Luna February 28, 2013 at 09:00 PM
"[V]oluntary luxuries unaffordable to a large fraction of the public are inappropriate uses of public funds[...]" Well said! That's exactly what it comes down to-- public funds (our tax monies) are already being used to pay for the pool and its associated costs. Why is the membership so high?
Lynda Hedfors March 01, 2013 at 02:21 AM
Jon, please believe me that not all Forest Hills folks are so rude. Stay a while, and ignore those who are!
Luna March 01, 2013 at 03:12 AM
I do indeed have children.
Swimmer777 March 01, 2013 at 01:52 PM
You need to compare similar communities. Wilkins, Chalfant, all other WHSD communities: no pool! Churchill: private, bankrupted pool Edgewood: private pool, $875, smaller, concrete only Blackridge: $360, much smaller, concrete area, high fees for activities Look at the tax base in Hampton, Mt. Lebo, and Ross. Farms...not comparable. Alleg County Parks are funded in part by the RAD tax and have lots of $$$. The pool in FH is a tremendous asset, relies on volunteers and families, and attracts new families to the Borough. It is a safe, caring, and enjoyable place to be.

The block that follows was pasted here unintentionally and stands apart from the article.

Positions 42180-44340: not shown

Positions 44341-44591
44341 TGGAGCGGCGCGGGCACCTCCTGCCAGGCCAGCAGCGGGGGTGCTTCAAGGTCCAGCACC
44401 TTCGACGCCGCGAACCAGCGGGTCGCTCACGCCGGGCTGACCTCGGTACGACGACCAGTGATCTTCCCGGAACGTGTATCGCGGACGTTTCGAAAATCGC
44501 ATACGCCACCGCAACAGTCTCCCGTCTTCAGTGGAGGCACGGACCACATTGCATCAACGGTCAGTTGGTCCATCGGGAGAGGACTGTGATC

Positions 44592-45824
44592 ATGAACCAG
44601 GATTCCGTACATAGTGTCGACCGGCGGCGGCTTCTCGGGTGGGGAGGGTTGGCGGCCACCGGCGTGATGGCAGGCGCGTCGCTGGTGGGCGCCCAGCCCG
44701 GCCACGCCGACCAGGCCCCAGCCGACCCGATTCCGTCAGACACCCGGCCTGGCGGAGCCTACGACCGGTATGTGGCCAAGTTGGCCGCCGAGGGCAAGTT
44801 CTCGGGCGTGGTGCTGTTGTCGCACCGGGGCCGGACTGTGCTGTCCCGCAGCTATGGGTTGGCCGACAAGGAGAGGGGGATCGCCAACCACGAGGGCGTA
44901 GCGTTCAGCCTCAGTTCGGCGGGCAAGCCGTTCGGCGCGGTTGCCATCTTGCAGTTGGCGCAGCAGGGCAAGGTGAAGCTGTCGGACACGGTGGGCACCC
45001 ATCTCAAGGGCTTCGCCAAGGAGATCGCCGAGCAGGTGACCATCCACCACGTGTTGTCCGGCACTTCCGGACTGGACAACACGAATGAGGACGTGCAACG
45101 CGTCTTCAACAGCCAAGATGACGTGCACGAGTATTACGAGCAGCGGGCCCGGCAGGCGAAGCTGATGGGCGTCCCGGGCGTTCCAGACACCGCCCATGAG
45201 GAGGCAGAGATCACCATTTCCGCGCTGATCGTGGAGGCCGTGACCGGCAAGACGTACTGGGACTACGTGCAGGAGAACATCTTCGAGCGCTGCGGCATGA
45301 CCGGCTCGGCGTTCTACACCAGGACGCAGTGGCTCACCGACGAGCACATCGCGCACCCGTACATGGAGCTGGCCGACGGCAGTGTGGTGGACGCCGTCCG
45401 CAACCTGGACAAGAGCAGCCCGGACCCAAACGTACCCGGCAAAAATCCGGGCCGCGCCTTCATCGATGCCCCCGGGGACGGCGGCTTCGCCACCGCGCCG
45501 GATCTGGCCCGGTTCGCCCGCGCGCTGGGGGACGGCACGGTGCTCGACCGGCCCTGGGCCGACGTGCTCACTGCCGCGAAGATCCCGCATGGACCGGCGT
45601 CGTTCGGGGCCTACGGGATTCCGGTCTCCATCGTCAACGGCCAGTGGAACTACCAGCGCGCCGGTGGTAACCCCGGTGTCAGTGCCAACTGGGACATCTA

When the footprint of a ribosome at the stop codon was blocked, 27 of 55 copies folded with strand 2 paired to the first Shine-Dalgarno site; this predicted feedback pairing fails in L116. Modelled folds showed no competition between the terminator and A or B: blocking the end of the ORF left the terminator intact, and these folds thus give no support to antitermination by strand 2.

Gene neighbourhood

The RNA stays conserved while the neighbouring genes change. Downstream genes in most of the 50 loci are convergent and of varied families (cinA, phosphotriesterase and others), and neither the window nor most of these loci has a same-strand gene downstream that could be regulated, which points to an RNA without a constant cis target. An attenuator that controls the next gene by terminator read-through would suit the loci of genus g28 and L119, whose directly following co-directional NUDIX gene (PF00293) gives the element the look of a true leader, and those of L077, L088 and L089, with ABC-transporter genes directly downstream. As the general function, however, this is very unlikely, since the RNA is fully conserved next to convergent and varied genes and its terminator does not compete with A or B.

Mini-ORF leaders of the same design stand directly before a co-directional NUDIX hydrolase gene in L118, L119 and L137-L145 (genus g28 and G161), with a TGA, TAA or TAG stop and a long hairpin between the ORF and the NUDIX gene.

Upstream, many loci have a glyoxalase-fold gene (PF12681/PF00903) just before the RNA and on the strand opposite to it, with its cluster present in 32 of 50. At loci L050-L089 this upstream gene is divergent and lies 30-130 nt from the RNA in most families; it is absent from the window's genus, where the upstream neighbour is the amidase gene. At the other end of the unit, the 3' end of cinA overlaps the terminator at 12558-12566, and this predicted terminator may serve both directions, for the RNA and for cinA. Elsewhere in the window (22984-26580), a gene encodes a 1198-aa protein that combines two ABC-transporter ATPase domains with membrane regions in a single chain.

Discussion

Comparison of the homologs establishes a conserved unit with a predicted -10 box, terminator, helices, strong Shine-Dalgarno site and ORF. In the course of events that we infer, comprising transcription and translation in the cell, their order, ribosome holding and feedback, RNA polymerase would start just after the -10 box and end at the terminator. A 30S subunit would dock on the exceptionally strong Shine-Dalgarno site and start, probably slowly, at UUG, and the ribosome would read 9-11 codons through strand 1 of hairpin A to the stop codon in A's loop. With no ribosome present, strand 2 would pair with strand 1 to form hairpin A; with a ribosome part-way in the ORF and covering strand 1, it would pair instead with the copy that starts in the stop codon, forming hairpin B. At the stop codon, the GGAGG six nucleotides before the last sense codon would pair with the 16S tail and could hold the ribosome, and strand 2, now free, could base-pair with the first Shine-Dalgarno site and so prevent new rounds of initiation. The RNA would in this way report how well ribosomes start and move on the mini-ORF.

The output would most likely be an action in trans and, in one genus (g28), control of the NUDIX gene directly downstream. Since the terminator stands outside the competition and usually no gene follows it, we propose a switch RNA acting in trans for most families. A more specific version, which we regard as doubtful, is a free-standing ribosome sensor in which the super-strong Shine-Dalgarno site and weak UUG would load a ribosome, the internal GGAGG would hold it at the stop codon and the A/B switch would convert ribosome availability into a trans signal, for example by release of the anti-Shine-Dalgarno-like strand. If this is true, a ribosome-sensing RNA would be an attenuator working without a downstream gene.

poolperson March 03, 2013 at 01:41 AM
Amen Swimmer777.
Jon Holmes March 03, 2013 at 02:25 AM
Swimmer777 is correct, of course, that Forest Hills doesn't have a tax base (in per capita terms, anyhow) comparable to Hampton Twp., Rosslyn Farms or Mt. Lebanon, all of which have substantially higher average household incomes. On the other hand, very many of the communities with publicly owned pools have significantly lower average household incomes. Forest Hills is not an outlier in terms of its tax base. I don't doubt that Forest Hills Pool is a lovely resource for the people who use it, and I don't begrudge it to anyone. My only argument is with the pricing model it currently uses, which I believe unnecessarily discourages certain ways of using the pool (e.g. the occasional quick swim) and effectively reserves the pool for an inappropriately small slice of the borough's population.
Mary March 04, 2013 at 03:16 AM
I was surprised when I moved here how much the pool passes cost. I work downtown and have many co-workers who live in the city and they pay much less. I do like the pool although I wish they would update the restrooms. Maybe it costs so much because they don't get much money from the borough and they only want the people who use it to pay for it. Of course in the Woodland Hills School District you can go for a "quick dip" for only $2 during open swim times at the district pools but they are indoors.
susan March 04, 2013 at 02:28 PM